To prevent dehydration and hyperthermia, a motorcyclist should stop every thirty minutes to consume at least a quart of water plus prepare another quart to consume while riding between breaks. Water, milk, fruit juices, as well as many of the commercially available “sport” drinks are excellent fluid replenishes, but do not drink anything containing alcohol or caffeine as they will actually dehydrate your body. You can also reduce dehydration by wearing light colored, loose fitting clothes and drenching these clothes with cool water at each thirty-minute break. This artificial perspiration can make the body feel 20 degrees cooler and reduce the loss of body fluids. At 60 miles per hour on a 90° F day a soaked shirt and jeans will be bone dry within twenty minutes. If you own a Kool Tie or similar product, it will keep your neck and shoulders cooler and prevent sunburn on this otherwise exposed skin. If you do not own a Kool Tie, a light colored neckerchief or bandanna soaked in ice water can serve the same purpose.

If you experience nausea, dizziness, headache, fatigue, rapid pulse, shortness of breath, disorientation, cold and clammy skin or hot and dry skin, you should take immediate steps to rapidly cool down the body. The best and fastest method is to get into a tub of cool water and add ice as fast as you can stand it until you core temperature has returned to normal. If a tub is not available, a cool stream or lake will help and if that is not available simply soak your clothes with ice water from your cooler.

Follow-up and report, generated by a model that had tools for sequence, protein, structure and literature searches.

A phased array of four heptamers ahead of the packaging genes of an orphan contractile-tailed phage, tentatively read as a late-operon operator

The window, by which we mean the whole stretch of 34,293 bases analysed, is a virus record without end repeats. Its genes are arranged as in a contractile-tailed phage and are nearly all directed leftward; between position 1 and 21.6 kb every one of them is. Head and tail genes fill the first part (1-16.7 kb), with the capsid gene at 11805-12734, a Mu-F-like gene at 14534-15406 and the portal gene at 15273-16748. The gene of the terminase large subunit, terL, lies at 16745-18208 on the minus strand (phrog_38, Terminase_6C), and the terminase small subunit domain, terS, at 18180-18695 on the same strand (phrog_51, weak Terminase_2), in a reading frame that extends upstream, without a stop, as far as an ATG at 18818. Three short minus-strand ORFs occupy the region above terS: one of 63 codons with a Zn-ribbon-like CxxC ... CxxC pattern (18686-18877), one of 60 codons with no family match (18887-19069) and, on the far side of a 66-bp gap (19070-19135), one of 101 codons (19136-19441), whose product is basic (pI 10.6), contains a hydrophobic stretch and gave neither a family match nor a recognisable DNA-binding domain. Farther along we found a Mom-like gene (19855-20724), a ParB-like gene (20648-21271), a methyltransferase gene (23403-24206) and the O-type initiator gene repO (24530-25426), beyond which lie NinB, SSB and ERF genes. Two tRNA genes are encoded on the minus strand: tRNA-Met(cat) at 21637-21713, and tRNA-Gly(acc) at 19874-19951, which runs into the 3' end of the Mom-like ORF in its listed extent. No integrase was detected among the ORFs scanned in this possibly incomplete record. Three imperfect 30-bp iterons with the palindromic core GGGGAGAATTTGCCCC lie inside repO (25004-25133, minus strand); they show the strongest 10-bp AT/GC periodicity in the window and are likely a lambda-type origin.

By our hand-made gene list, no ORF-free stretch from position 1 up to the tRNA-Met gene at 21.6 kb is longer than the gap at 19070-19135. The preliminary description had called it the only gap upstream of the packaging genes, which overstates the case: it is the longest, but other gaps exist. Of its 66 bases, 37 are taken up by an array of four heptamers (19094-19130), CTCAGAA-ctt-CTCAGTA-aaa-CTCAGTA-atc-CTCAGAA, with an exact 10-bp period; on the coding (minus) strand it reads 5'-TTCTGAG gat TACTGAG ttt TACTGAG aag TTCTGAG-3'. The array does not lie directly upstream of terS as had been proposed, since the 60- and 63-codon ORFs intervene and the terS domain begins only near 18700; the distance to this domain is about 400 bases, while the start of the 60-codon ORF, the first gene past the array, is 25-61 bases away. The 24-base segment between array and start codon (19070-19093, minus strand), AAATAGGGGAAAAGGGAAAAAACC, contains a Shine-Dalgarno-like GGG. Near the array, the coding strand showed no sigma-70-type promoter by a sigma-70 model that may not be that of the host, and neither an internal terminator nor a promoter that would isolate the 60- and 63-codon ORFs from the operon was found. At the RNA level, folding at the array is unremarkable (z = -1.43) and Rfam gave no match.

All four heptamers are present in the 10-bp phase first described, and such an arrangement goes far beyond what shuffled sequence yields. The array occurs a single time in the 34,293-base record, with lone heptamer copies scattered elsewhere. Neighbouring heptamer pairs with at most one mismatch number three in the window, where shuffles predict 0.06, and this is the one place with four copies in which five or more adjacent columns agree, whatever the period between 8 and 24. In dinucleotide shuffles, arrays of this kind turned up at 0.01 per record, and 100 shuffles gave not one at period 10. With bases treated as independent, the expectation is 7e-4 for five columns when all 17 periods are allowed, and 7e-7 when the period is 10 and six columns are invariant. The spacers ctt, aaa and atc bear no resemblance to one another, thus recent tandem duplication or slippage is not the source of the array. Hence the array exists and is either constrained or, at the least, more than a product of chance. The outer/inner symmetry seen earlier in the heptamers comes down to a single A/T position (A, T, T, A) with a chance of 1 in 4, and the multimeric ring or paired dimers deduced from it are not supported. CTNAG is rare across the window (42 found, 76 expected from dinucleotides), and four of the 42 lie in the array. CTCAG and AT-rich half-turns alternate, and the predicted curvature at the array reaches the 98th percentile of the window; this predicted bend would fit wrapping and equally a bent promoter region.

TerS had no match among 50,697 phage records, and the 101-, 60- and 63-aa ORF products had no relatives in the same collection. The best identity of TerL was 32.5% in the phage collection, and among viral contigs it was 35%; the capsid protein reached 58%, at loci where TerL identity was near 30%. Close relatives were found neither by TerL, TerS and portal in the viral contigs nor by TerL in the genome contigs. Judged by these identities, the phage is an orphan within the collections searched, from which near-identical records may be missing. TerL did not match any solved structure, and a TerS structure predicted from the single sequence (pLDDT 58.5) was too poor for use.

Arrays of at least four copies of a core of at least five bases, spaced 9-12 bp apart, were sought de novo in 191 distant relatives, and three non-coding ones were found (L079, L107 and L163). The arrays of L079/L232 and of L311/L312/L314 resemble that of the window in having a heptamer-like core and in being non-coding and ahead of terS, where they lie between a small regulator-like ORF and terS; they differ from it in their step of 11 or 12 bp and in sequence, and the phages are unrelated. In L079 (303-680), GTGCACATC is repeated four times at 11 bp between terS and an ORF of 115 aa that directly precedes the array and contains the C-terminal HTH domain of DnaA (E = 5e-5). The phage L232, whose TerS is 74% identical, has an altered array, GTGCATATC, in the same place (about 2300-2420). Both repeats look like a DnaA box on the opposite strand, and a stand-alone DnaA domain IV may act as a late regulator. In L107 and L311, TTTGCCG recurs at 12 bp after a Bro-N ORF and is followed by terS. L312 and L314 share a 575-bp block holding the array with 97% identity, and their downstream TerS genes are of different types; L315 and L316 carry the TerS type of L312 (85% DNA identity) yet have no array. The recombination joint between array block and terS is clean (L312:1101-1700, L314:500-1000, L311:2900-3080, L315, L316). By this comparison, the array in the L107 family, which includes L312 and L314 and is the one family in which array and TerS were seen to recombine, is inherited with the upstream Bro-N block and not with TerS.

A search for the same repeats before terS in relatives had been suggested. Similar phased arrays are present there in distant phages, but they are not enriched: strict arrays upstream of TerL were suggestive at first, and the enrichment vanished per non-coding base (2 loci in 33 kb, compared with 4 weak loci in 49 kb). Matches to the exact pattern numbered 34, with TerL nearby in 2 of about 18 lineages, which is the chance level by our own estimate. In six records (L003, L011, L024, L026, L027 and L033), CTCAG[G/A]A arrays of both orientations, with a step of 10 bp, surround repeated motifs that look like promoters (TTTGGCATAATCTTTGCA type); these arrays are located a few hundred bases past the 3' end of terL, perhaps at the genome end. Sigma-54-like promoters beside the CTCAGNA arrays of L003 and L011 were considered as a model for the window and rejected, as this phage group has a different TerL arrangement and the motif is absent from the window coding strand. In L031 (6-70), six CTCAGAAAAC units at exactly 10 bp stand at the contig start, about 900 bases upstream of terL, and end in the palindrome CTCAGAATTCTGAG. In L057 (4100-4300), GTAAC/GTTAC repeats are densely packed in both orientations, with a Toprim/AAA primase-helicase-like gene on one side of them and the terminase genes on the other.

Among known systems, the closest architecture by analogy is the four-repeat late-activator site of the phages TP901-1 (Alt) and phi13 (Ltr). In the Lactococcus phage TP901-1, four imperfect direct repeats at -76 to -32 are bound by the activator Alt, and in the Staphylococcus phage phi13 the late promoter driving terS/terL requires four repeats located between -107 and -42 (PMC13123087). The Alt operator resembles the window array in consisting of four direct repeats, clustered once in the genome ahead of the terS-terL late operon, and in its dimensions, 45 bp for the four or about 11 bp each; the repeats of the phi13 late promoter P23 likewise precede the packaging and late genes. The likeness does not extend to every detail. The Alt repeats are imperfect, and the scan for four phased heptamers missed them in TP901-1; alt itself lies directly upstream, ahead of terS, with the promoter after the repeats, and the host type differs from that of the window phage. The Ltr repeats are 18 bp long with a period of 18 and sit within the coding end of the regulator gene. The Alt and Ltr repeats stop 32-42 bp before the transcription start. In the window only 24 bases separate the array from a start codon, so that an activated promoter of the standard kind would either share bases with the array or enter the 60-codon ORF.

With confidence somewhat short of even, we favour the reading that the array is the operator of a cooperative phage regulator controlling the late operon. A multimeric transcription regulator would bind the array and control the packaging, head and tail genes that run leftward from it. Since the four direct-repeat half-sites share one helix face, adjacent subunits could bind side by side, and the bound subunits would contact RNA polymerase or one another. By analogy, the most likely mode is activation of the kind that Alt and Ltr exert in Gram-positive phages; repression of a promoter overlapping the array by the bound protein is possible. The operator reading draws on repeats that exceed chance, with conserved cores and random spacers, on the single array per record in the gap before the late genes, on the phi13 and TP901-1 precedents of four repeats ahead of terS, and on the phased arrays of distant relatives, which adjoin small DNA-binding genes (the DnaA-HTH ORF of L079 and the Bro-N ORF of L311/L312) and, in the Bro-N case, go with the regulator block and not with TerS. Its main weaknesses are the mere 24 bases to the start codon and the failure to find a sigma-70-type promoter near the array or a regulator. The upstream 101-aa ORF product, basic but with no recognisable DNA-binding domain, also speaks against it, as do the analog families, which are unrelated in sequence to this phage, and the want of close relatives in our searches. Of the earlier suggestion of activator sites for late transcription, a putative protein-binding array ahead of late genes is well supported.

Refer to the official National Weather Service heat index table. To calculate heat stress, find the index number in the column under current humidity ( shown on the top line) that is directly to the right of your thermometer reading (shown in the left column)